PARISHVILLE – Supporters and opponents of wind energy were both well-represented at Monday night’s community forum on a pending wind turbine project.
About two dozen local residents gathered in Parishville Town Hall to sound off on Iberdrola Renewables’ proposal to site 50 wind turbines across properties in Parishville and Hopkinton. Iberdrola is in the early stages of planning the project and has already signed leases with 15 landowners in both communities where it wants to site turbines, Business Developer Jenny L. Burke confirmed Monday night.
The Parishville Town Council and Town Planning Board are close to hammering out a first draft of a local wind law that would set parameters for such a project, according to Town Supervisor Jerry G. Moore. And as town officials work on a law, they are looking for as much public input as possible, Mr. Moore said. A well-attended meeting in March prompted the council to schedule additional meetings in May and June.
“We need input to be sure we’re doing the right thing,” Mr. Moore said. “What we’re doing here will affect the town for generations to come. We want to do it right.”
The crowd was nearly split between supporters and opponents. Some, like Rick Perkins, touted the economic benefits of the wind turbines.
Mr. Perkins said he knew of residents in Chauteaugay that were initially against the proposed project there. But once the turbines were constructed, those same residents changed their minds, he said.
“I haven’t seen any drawbacks yet,” Mr. Perkins said. “It put a lot of people to work. They hated it at first. Nobody wanted it. Now they love it.”
Before Iberdrola approached Parishville resident Jack Kelley with a lease, he said he was against the proposed 500-foot structures entering the town. But after Iberdrola approached him with a lease for his property, he changed his mind.
Iberdrola plans to pay property owners $8,000 per year for any two megawatt turbine constructed on their land, Ms. Burke said. The town would receive additional funding for any turbines constructed, she said, alleviating the tax burden.
Those benefits are hard to turn down, Mr. Kelley said. He was originally wary of noise generated from the turbines but was reassured after visiting one in Lowville.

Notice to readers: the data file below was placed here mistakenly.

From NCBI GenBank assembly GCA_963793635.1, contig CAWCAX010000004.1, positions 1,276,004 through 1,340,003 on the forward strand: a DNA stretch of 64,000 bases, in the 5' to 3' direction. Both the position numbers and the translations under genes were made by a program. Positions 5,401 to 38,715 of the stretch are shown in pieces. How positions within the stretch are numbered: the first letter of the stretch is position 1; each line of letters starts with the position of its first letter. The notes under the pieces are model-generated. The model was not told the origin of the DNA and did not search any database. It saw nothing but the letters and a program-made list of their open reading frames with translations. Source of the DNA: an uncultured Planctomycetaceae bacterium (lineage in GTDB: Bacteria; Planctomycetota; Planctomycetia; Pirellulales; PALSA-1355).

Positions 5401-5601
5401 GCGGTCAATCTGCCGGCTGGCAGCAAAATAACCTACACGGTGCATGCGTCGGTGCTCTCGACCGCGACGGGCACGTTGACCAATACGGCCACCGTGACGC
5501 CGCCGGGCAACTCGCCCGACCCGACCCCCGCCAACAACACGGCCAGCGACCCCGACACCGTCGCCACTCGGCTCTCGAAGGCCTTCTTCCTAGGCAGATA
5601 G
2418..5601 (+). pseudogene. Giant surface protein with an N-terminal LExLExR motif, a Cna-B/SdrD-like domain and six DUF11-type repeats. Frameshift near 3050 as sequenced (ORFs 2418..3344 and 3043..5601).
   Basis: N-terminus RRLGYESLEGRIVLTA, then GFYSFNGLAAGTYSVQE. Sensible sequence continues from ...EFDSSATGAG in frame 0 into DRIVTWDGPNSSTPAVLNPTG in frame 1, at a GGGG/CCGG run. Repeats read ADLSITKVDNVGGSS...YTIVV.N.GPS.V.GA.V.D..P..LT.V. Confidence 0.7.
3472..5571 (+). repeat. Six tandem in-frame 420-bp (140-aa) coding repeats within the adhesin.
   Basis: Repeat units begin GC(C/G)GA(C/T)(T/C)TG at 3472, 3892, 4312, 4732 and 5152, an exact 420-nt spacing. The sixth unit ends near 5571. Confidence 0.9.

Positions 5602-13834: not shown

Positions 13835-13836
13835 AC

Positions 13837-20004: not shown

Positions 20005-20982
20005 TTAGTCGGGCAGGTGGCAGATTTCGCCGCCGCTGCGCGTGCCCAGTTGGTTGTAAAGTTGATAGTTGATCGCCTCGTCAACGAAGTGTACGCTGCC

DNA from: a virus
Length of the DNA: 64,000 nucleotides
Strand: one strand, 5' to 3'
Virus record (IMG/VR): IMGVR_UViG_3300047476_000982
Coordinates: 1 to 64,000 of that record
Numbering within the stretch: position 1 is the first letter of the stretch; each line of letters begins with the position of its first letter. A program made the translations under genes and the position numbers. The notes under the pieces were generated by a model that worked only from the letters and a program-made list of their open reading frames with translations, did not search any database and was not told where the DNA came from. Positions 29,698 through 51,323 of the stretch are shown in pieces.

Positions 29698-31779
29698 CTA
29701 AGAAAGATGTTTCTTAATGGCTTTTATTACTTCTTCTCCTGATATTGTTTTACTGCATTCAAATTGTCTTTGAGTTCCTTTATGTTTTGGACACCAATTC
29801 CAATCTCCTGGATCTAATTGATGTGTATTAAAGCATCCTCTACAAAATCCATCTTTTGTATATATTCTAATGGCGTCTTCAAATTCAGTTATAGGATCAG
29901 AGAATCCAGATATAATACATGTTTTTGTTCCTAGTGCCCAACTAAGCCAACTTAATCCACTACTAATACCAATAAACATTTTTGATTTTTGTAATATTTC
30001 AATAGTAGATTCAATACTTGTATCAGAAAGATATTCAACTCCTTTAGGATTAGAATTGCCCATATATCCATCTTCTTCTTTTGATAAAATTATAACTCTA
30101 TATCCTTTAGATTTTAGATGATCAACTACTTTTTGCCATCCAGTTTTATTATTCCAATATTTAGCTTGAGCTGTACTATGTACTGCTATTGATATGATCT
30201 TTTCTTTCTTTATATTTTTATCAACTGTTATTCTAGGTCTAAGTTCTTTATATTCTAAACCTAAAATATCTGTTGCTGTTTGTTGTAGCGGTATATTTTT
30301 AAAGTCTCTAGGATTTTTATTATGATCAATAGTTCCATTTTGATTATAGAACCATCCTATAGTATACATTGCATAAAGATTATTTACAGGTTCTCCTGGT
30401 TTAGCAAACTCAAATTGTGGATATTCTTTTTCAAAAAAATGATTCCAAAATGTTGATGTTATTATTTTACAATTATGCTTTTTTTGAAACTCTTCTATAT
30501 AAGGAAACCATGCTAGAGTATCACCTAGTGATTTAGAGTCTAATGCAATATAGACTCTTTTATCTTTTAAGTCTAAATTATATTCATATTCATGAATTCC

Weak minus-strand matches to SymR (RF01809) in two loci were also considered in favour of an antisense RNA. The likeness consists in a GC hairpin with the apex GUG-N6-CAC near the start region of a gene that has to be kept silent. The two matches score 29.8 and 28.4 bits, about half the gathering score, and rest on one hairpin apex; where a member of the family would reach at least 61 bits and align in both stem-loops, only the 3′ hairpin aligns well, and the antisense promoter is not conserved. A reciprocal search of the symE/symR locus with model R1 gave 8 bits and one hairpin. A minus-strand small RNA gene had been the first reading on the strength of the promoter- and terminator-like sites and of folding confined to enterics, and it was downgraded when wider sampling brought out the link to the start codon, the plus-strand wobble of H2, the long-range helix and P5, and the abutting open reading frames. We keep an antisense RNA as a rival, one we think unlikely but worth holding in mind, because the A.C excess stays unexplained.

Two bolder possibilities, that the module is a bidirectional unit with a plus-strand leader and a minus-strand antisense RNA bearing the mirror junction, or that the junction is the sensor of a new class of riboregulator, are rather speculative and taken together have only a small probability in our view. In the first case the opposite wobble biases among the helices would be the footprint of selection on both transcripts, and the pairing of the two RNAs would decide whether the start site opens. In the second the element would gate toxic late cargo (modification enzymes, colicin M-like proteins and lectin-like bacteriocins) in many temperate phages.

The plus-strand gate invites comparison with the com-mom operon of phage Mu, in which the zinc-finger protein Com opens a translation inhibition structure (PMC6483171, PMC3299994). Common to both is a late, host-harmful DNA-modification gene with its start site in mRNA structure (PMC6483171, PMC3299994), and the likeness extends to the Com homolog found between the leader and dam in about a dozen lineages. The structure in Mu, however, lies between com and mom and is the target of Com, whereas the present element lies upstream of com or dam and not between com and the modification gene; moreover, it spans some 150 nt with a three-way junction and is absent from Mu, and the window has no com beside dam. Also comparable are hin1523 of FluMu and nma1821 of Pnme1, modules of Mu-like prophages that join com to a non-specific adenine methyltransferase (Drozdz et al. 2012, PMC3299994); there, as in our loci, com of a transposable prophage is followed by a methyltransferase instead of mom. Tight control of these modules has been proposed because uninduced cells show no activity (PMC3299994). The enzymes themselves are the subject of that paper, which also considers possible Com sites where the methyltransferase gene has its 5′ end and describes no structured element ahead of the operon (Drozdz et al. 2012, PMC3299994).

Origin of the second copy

“I went up to the tower, about six inches from the thing, and couldn’t hear anything,” Mr. Kelley said.
But town resident Lewis Fertig wondered about the long-term implications of the project, especially once the project’s 20-year lease ends, and what would happen should Iberdrola fold.
“It could be a detriment to the property if it’s not useful anymore,” Mr. Fertig said.
Ms. Burke said funds will be in place to deconstruct the turbines should Iberdrola ever cease operations. But re-negotiation details 20 years down the road still need to be worked out, she said.
“We haven’t hard a wind farm for … 20 years to know what a re-negotiation looks like,” Ms. Burke said.
Tammi Thompson’s property is in the Adirondack Park, but has a view of the town of Parishville.
“It’s pretty out there and I don’t want to see (the turbines),” she said.
Others wondered about the effect the turbines will have on property values, a question that stumped Mr. Moore. Still others harbored concerns about the impact on bats and birds.
But hearing new questions and issues was beneficial, he said.
“We’re all just getting started,” Mr. Moore said. “The questions you ask are good ones but we don’t have all the answers yet.”
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